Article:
For people with disabilities or complex medical conditions, accessing health care services is an absolutely necessary and often times incredibly stressful endeavor. Just getting the care needed to live a healthy and productive life can involve managing multiple appointments with specialists, making sure the insurance plan covers a rare drug or treatment, and finding a doctor who has accessible scales and examining tables. At the Center for Consumer Engagement in Health Innovation, we spend a lot of time talking about how to improve care for people with complex health and social needs. On our list are things like improving care coordination, utilizing shared decision making, and addressing the social determinants of health. One thing that’s certainly not on our list: imposing unnecessary barriers to coverage that do nothing to improve health outcomes.
Unfortunately, unnecessary barriers to coverage might become more common for many people with complex health needs who receive their health coverage through Medicaid. The Centers for Medicare & Medicaid Services (CMS) recently announced that it will allow states to impose work requirements on Medicaid beneficiaries. Requirements that people on Medicaid work in order to maintain their health coverage are particularly harmful to people with disabilities or complex health needs.
Many People with Disabilities Will be Subject to Work Requirements
Although the Trump administration has said that work requirements can’t apply to people who receive Medicaid because they qualify for disability benefits like SSI or SSDI, there are millions of people on Medicaid who have disabilities or complex health needs who are not on these programs because their income is not low enough or their conditions are not considered serious enough to meet the strict standards required to qualify for disability benefits. Approximately three-fifths of all non-elderly adult Medicaid enrollees with a disability (meaning enrollees who report problems with hearing, vision, cognitive functioning, mobility, self-care or independent living) do not receive SSI or SSDI. These people could still be subject to work requirements. States may opt to exempt people who they define as “medically frail,” but these definitions are often narrow and would still leave many people with disabilities or complex health needs at risk for losing coverage if they aren’t able to comply with the work requirements.
Additionally, barriers such as work requirements can create a chilling effect on Medicaid enrollment. Confusion, misinformation or overly burdensome paper work associated with new work requirements might discourage people from applying for the program in the first place or create the false impression that people who aren’t employed full time are no longer eligible, even if they would be exempt from the requirement.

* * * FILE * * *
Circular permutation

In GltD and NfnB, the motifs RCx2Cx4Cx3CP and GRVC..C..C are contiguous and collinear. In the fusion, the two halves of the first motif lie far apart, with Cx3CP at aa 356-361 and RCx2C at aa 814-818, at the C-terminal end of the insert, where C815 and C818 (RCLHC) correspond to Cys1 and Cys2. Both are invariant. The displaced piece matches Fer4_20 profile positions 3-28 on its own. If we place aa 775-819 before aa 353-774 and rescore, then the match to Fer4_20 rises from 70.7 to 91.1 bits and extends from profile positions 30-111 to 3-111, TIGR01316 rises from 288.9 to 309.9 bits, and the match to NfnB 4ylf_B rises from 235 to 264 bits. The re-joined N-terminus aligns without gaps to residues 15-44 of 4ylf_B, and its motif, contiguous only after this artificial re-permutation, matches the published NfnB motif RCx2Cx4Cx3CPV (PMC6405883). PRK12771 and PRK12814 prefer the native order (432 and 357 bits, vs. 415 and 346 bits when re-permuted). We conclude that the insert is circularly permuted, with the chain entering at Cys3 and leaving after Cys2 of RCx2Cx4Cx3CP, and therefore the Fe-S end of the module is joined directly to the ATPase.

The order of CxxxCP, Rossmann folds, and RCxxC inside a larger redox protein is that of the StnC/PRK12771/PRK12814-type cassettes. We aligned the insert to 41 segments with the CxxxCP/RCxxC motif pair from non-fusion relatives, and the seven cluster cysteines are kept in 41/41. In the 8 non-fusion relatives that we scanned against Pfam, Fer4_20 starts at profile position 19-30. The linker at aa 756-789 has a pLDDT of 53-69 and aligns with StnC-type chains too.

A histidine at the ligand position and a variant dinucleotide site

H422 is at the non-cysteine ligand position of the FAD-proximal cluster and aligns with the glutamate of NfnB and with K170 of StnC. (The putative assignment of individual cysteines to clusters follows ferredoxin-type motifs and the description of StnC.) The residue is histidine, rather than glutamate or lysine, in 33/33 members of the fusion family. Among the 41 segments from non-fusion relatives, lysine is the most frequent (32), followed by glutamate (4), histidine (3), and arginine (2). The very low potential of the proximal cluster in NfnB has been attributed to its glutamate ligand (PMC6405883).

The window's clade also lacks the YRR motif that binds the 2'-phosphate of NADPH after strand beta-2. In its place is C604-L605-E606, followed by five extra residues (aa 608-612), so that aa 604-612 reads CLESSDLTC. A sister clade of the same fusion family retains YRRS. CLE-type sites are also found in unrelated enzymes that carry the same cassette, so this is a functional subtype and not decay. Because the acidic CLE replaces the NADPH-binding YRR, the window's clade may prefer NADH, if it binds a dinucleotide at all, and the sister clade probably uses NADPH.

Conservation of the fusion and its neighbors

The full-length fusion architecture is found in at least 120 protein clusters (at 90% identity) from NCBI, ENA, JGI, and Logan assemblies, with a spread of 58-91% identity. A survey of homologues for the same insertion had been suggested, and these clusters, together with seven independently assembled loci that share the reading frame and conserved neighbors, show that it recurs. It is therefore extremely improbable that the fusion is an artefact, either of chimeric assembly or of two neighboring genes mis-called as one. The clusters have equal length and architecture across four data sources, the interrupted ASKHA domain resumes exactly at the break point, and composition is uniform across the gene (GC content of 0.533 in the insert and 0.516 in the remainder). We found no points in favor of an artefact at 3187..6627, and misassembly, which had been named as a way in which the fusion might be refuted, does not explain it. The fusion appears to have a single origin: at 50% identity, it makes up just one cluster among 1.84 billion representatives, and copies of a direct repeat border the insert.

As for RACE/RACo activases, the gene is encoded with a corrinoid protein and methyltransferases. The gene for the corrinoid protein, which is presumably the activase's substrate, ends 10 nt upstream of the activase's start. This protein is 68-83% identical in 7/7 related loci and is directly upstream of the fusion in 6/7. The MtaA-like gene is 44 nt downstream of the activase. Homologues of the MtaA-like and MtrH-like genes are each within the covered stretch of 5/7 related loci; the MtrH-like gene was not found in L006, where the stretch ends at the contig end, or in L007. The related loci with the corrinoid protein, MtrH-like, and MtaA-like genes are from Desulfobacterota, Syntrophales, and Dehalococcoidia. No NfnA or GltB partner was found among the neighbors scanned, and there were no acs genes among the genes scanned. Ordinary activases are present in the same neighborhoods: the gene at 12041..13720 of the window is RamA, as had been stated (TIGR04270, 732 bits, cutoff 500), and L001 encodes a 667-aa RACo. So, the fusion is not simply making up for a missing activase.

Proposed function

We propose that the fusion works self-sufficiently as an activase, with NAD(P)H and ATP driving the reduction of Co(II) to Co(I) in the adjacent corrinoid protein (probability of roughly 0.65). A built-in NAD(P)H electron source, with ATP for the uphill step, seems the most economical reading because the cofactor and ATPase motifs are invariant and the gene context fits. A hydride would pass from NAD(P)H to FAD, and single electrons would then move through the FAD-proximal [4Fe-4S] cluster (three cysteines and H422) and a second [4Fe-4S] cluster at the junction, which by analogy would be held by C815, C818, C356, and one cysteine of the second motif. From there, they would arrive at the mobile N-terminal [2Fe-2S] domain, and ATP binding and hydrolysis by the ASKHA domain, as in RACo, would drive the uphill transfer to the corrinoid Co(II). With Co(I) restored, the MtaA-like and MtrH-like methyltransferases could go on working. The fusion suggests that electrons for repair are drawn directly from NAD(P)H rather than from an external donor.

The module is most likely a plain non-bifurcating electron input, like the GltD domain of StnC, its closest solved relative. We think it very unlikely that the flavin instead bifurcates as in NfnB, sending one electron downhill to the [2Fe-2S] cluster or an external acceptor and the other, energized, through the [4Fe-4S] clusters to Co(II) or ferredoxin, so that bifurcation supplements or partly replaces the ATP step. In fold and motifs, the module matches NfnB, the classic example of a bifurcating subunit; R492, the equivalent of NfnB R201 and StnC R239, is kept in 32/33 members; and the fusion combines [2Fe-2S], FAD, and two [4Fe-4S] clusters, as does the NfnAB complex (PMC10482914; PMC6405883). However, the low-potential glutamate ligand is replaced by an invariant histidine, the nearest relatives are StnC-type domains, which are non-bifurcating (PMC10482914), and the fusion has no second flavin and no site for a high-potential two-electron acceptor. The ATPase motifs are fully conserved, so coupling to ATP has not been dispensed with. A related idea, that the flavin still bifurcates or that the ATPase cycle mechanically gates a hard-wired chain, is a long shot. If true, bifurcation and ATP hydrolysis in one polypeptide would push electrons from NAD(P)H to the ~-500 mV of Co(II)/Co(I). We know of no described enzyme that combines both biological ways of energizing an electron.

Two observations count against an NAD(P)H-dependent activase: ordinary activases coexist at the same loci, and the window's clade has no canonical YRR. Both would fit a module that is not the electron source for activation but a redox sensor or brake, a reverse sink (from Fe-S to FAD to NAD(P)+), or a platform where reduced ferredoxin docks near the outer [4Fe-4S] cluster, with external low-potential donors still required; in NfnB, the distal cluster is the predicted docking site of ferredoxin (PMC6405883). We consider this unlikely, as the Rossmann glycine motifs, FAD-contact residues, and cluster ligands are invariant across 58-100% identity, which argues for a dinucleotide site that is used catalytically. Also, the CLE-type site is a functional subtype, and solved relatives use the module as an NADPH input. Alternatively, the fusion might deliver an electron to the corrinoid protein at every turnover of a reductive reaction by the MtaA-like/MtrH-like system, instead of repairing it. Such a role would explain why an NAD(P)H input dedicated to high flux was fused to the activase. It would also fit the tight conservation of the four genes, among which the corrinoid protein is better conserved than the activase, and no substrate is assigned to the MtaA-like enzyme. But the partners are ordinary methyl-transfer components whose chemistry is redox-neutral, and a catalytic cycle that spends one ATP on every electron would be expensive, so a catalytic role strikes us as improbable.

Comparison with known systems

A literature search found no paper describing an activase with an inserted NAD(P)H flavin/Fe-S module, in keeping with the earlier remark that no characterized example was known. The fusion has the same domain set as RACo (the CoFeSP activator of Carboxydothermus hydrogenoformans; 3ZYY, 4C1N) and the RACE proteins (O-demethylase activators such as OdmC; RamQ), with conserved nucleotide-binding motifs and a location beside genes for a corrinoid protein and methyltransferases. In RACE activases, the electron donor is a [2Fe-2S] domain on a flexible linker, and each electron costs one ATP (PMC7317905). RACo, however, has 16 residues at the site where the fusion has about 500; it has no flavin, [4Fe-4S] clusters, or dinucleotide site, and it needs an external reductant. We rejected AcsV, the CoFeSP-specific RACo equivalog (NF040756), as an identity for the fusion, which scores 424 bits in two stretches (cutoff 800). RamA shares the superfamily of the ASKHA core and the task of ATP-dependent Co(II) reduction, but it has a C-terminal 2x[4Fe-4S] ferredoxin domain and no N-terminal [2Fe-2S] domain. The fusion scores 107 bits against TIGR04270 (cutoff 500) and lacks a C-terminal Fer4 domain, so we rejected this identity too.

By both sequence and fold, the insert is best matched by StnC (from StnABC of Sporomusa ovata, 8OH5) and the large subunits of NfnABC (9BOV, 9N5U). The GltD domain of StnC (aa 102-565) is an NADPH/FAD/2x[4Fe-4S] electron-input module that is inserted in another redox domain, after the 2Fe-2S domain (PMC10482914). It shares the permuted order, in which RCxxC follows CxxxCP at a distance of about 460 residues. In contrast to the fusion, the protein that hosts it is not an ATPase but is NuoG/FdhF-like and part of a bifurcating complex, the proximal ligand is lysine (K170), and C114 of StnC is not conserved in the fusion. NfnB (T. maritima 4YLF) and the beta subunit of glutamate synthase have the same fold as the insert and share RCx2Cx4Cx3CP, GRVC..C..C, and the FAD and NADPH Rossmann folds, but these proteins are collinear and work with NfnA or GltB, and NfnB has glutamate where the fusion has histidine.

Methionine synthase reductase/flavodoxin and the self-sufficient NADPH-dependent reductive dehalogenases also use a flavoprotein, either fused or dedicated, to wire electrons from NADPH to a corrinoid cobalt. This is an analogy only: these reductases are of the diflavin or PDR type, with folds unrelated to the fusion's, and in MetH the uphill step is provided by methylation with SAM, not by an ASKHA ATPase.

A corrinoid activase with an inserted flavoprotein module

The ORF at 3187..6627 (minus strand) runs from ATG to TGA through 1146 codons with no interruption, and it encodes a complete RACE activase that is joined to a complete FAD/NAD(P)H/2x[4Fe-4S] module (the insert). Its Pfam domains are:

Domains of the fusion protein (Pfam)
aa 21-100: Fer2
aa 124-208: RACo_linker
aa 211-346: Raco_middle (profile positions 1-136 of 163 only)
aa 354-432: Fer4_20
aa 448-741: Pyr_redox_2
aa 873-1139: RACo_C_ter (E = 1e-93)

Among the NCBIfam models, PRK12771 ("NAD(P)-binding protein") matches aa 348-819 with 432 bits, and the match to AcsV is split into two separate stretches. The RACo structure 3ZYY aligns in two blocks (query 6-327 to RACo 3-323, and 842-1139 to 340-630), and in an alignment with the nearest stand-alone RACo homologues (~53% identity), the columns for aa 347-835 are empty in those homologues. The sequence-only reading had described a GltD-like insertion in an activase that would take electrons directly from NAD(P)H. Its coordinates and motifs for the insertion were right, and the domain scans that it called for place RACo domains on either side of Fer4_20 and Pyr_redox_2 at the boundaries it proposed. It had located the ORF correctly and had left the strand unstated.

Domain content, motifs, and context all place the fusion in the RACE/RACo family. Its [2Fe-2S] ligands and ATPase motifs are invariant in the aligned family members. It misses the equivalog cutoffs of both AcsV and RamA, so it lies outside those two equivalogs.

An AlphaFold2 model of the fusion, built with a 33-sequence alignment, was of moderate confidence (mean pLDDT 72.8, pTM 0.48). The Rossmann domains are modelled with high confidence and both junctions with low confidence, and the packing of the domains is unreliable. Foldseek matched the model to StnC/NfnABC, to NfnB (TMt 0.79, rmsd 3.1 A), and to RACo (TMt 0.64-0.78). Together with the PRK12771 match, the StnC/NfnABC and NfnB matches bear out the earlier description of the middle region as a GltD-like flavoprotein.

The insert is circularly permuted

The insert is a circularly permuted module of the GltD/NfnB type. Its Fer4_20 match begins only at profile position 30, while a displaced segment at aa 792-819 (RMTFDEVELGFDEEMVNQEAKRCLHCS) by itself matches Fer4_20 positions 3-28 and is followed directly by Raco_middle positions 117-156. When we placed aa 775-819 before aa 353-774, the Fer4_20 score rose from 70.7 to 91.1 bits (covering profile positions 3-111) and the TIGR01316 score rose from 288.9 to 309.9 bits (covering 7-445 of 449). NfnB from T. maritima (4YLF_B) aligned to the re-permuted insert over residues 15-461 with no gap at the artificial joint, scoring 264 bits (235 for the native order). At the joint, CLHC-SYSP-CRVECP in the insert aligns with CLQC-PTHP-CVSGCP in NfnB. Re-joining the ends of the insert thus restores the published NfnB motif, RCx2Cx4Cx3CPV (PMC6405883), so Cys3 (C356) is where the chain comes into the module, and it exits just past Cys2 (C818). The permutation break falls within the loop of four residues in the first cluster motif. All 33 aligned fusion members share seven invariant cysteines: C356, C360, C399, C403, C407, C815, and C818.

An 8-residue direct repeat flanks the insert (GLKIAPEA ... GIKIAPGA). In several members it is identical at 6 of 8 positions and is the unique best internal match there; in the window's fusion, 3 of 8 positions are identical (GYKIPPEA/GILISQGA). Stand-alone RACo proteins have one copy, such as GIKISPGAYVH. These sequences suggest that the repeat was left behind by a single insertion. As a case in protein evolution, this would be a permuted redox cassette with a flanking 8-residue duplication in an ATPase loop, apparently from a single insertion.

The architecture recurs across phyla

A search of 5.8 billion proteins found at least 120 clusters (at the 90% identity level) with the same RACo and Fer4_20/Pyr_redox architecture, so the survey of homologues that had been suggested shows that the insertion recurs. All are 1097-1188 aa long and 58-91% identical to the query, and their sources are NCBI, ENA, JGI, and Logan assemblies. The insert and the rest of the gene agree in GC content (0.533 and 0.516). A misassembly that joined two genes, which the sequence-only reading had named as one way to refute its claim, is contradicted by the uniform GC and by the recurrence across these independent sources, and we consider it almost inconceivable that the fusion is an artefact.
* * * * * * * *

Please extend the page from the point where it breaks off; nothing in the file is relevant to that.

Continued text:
Work Requirements Will Not Help People with Disabilities or Complex Health Needs Find Employment
Many people with disabilities or complex health needs either are, or desire to be, meaningfully employed and engaged in their communities. Medicaid access is an important factor in making sure that can happen. For example, some state Medicaid programs provide job supports such as job training or referrals to employment resources for beneficiaries. And on an even more fundamental level, Medicaid helps ensure that people have access to the services they need to stay healthy and maintain the functions necessary for employment. Work requirements only create barriers to accessing these important services, undermining the entire purpose they purport to serve.
Work Requirements Will Have Negative Health Impacts on People with Disabilities
Medicaid helps millions of adults with disabilities get the care they need to stay healthy, including preventive services and acute care, medical equipment such as wheelchairs, and long-term care services. Evidence from other programs show that people lose coverage when work requirements are implemented and people with disabilities are disproportionately disenrolled for failing to meet work requirements. A loss or temporary interruption in coverage would be devastating for people with disabilities or complex health conditions who have ongoing, complicated care needs and can’t afford to miss necessary treatments. Additionally, studies demonstrate that losses in coverage lead to increases in costly services, such as emergency department use. Far from promoting improved health outcomes and community engagement, work requirements will only cause barriers to care and potentially increase health care costs. The impacts of this harmful policy will be especially acute for people with disabilities and complex health needs.